What is Graham Flour?

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  • Last Modified Date: 27 February 2020
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Graham flour is a coarsely ground type of wheat flour that is unbleached, and less processed than whole-wheat flour. Its production starts by finely grinding the kernel or endosperm of winter wheat. The other parts of the wheat, germ, and bran are also ground and added back to the endosperm grind, resulting in brown colored flour that is slightly sweet. It isn’t always possible to find graham flour, but in the US, health food and natural foods stores often carry it.

This type of flour is named after Sylvester Graham, one of the pioneers of the health food movement. He invented the flour in 1829 and used it in many recipes featured at his chain of "health" hotels. In addition to advocating for the use of less refined wheat flour, Graham founded the American Vegetarian Society in 1850, though he had less than welcome receptions from large food manufacturers and butchers of the time.


He discovered, as many dietitians can attest to now, that it is usually healthier to eat whole grains than it is to eat overly processed food that contains a lot of chemicals. As a Presbyterian minister, his motives for advocating for healthier food choices may seem a little strange to the modern mind. He felt that bad food choices and the consumption of alcohol led to people being unable to curb their licentious behavior. To Graham, processed white flour equaled greater lust, and he urged his followers and friends to abstain from drink and to modify sexual behavior through diet and self control.

Today, most graham crackers on the grocery shelf may not actually be made with graham flour. A few brands do still use the flour, but most tend to derive their sweet taste from ingredients like high fructose corn syrup. Sylvester Graham would probably shudder at the modern version of his healthy cracker/cookie. People who like a more authentic graham cracker should try health food stores, as these may feature fewer sweeteners and preservatives.

In cooking, graham flour can usually be used in place of whole-wheat flour. It will produce a slightly darker bread as a result, but it can be quite tasty and sweet. Bakers can also consider graham muffins or quick breads as a quick and healthy snack. This flour does pair nicely with honey, as lovers of graham crackers know, so cooks might consider honey for sweetener in recipes where you use the flour.

Cooks should refrigerate the flour, or only buy it in small amounts. It has a higher oil content than whole-wheat flour and may go rancid if left out for too long. If the flour tastes bitter, it’s best to start with a fresh package.


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Post 3

What is the best way to cook with graham flour? Is it best by itself or mixed with other flours?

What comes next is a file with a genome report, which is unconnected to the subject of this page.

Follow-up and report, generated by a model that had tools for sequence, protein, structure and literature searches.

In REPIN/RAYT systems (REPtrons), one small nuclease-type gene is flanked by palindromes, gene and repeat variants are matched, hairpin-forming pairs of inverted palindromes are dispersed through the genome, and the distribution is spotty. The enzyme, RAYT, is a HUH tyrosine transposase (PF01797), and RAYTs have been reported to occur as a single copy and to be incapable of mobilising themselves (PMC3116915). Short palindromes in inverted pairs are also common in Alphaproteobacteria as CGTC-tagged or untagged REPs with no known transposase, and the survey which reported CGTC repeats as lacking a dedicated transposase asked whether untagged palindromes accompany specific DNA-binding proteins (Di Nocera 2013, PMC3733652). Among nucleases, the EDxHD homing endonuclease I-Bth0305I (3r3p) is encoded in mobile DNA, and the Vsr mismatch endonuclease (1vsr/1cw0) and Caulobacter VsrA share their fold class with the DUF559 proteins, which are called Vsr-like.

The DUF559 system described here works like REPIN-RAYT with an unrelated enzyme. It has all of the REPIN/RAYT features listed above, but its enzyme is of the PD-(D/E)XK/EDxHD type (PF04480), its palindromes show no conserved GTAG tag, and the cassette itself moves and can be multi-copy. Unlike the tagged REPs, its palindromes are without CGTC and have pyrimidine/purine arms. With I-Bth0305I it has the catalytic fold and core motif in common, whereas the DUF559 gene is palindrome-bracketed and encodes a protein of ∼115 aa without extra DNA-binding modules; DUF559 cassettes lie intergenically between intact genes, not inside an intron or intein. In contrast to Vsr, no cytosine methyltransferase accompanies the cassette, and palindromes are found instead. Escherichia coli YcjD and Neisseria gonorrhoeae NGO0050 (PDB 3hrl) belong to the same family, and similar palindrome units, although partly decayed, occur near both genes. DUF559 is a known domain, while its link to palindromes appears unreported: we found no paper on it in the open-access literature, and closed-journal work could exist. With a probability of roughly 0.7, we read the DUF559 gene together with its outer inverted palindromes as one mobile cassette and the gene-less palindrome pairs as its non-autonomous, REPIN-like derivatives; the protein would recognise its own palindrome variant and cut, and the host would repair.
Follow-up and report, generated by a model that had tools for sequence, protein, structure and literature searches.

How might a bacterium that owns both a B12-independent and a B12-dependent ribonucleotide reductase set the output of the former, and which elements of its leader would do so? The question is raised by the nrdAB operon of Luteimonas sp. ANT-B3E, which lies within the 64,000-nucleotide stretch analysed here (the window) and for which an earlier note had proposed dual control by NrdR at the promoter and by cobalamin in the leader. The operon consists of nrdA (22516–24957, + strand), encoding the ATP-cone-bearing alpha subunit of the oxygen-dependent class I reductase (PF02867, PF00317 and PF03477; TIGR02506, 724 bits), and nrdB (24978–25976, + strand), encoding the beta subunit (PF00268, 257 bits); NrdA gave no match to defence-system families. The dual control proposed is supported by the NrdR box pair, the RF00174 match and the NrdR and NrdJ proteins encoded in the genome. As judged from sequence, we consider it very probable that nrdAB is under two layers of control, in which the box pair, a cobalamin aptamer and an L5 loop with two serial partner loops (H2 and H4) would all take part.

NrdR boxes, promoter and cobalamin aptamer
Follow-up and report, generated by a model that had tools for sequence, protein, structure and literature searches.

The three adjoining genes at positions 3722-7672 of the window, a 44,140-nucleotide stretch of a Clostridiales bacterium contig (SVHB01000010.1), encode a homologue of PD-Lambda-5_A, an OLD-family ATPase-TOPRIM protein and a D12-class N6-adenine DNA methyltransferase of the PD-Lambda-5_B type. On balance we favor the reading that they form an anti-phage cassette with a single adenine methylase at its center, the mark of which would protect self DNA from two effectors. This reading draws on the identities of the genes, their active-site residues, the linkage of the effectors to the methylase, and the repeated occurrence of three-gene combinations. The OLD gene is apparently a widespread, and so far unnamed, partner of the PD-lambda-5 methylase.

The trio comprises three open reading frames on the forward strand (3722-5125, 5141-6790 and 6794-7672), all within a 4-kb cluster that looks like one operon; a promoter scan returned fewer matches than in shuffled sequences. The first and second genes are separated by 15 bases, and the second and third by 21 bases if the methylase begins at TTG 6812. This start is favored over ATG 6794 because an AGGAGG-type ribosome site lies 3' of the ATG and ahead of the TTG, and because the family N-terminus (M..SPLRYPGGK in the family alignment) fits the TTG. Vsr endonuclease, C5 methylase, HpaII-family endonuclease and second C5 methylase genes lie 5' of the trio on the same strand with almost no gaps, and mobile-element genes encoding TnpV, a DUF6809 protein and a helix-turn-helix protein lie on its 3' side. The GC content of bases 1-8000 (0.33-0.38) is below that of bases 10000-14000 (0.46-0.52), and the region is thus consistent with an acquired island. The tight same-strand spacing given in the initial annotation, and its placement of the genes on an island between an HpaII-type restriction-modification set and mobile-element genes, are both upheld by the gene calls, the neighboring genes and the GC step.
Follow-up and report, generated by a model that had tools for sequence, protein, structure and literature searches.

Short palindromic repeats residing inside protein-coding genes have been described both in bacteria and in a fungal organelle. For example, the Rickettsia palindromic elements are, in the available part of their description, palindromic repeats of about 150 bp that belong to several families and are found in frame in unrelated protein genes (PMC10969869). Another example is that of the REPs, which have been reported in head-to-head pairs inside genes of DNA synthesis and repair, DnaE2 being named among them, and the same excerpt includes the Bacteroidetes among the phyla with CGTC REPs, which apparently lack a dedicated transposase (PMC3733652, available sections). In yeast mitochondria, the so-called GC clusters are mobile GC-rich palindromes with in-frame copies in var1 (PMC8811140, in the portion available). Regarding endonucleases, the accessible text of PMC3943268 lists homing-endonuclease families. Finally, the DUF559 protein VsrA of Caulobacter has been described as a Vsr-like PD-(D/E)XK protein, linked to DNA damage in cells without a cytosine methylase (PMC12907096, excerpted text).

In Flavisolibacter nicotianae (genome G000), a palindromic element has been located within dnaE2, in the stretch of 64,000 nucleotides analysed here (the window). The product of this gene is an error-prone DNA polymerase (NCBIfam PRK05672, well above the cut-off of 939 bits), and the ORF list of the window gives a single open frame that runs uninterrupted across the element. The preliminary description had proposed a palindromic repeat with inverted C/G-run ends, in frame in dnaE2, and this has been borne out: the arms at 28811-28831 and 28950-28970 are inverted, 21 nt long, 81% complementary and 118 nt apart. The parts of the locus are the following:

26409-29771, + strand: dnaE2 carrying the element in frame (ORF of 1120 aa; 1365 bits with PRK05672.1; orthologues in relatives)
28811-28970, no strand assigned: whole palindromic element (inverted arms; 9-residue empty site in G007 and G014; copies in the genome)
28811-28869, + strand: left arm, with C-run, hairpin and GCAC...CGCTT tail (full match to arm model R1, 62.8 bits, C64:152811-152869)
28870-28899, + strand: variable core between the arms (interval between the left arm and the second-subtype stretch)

I think that graham flour is coarser than whole wheat correct? I generally mix whole wheat with unbleached flour when I make muffins so that they come out softer. If graham flour is more coarse than whole wheat flour, I think the breads and muffins will be too dense. Has anyone tried whole wheat and graham flour together for breads and muffins? I would love to hear some suggestions about what works best together and also how graham flour does with baking powder and yeast. I'm planning to make a healthier version of my signature cinnamon apple bread with graham flour. I hope it will be a success.

Post 2

A friend of mine had a baby about a year ago and she has been having trouble losing the weight she gained during the pregnancy. She read a couple of books about organic and unprocessed foods and started eating organic foods. Ever since she made the switch, the changes have been amazing. She is losing weight just by eating the same things she always eats, except that its now organic.

I had heard previously from scientists and dietitians that the less processing a food goes through, the better it is for the body. Apparently, when foods are processed, their chemistry changes and the body is unable to recognize them. What this means is that we have difficulty digesting processed

foods and absorbing the necessary nutrients from them.

I took my friend's suggestion and switched to organic and unprocessed foods. I eat breads with whole grain and spelt flours and I feel fuller with less food now. It does cost more, but it goes a long way too and tastes much better. At least I have peace of mind about the foods I'm eating.

Post 1

Thank you so much for this helpful, and insightful, article. My son is allergic to corn, so we have been avoiding graham without clearly understanding why until now (because corn sweeteners are often used in graham products). I'm grateful to you.

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